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The New York City Council unanimously passed Queens City Councilman Rory Lancman’s bill on Jan. 23 requiring the Mayor’s Office to end domestic and gender based violence to provide individuals receiving services at Family Justice Centers with service satisfaction surveys.

The Committee on Women formally considered the legislation, Intro. 542, in October 2018 and passed it on Jan. 23.

“Domestic violence and abuse survivors deserve our full support to help them in their time of need.” said Lancman. “Client feedback is essential to ensure that Family Justice Centers continue to provide effective and efficient services. My legislation will allow Family Justice Centers and survivors to work collaboratively to improve services and set priorities.”

The satisfaction surveys, which are not mandatory and will remain anonymous, enable survivors to indicate which FJC services are useful, which need to be altered, and what changes must be made to better assist them. The city is required to submit an annual report to the Council of survey questions asked and all survey data, broken down by borough and type of service received.

Lancman’s legislation comes as domestic and gender-based violent crime rates have remained resistant to the steady reduction of the overall crime rate in the city. In 2017, the NYPD responded to more than 108, 821 intimate-partner related domestic violence abuse, a 16 percent increase from the previous year.

New York City Family Justice Centers provide legal services, counseling, job training, and housing assistance to survivors of domestic abuse, human trafficking and elder abuse in all five boroughs. In 2017, the Family Justice Centers served 62,645 individuals.

“As the nation’s largest victim assistance organization, Safe Horizon acutely recognizes that survivors’ experience with systems and service providers designed to address their needs should be periodically evaluated to ensure that the highest quality of care is being consistently delivered,” said Michael Polenberg, vice president of Government Affairs at Safe Horizon. “Council Member Rory Lancman’s legislation, Intro. 542, will require service satisfaction surveys are available to New Yorkers who visit any of the City’s five Family Justice Centers and can help make sure that services are aligned with their safety needs.”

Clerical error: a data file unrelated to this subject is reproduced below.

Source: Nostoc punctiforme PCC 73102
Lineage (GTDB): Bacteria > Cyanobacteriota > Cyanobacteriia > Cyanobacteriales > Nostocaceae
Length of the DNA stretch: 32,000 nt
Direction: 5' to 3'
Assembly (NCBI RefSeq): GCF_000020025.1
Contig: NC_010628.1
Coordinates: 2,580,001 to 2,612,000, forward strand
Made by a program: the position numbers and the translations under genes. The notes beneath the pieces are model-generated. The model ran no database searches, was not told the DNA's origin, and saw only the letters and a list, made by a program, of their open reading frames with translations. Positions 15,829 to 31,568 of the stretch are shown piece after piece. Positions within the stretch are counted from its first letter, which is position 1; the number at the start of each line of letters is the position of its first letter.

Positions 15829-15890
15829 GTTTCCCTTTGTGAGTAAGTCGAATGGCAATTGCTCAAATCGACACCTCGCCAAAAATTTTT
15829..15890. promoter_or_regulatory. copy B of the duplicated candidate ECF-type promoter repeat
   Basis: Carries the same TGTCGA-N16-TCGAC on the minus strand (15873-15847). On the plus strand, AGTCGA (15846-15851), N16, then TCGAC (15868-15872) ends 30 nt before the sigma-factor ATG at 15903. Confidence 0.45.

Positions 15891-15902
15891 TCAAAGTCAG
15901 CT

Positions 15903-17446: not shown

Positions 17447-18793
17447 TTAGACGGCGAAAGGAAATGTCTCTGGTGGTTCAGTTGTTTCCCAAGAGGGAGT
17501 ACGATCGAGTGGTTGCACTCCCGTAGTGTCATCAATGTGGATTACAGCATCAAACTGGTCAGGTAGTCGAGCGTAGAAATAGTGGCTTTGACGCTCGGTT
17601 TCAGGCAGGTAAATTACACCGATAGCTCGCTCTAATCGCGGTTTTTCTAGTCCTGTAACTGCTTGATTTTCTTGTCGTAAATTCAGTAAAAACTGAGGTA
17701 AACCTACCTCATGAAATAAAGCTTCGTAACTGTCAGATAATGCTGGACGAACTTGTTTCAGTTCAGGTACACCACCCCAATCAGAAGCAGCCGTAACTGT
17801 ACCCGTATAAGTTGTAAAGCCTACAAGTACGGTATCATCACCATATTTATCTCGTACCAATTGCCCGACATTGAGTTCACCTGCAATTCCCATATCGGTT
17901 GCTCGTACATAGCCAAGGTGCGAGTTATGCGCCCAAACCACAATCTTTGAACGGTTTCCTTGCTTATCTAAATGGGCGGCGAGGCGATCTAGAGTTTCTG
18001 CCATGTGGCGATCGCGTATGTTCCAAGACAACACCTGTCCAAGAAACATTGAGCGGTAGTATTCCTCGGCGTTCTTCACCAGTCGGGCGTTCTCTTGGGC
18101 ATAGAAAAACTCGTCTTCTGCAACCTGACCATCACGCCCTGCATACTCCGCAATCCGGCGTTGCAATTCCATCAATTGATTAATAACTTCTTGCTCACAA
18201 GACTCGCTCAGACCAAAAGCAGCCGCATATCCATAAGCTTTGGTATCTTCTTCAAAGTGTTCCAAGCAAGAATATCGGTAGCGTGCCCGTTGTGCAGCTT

Alisha Bailey, DV Survivor and Alternatives to Incarceration Counselor at The Fortune Society, said collecting feedback will “hopefully lead to more informed decision making.”

“Evaluating and reflecting on how a program is performing from the perspective of the participants is a critical tool for identifying opportunities for improvement as well as ways to capitalize on existing strengths, said Bailey. “At The Fortune Society, we hope this law will translate into better participant engagement, longer retention rates, and healthier, safer communities.”

Stephanie Nilva, executive director of Day One, which partners with youth to end dating abuse and domestic violence, believes that young people can provide valuable contributions to the efficacy of city services to address their unique needs.

“Day One applauds today’s City Council vote requiring the Mayor’s Office to End Domestic and Gender Based Violence to provide satisfaction surveys to constituents at the Family Justice Centers,” said Nilva. “Critically important services are delivered in the five FJCs, and feedback from survivors should play a central role in their operation.”

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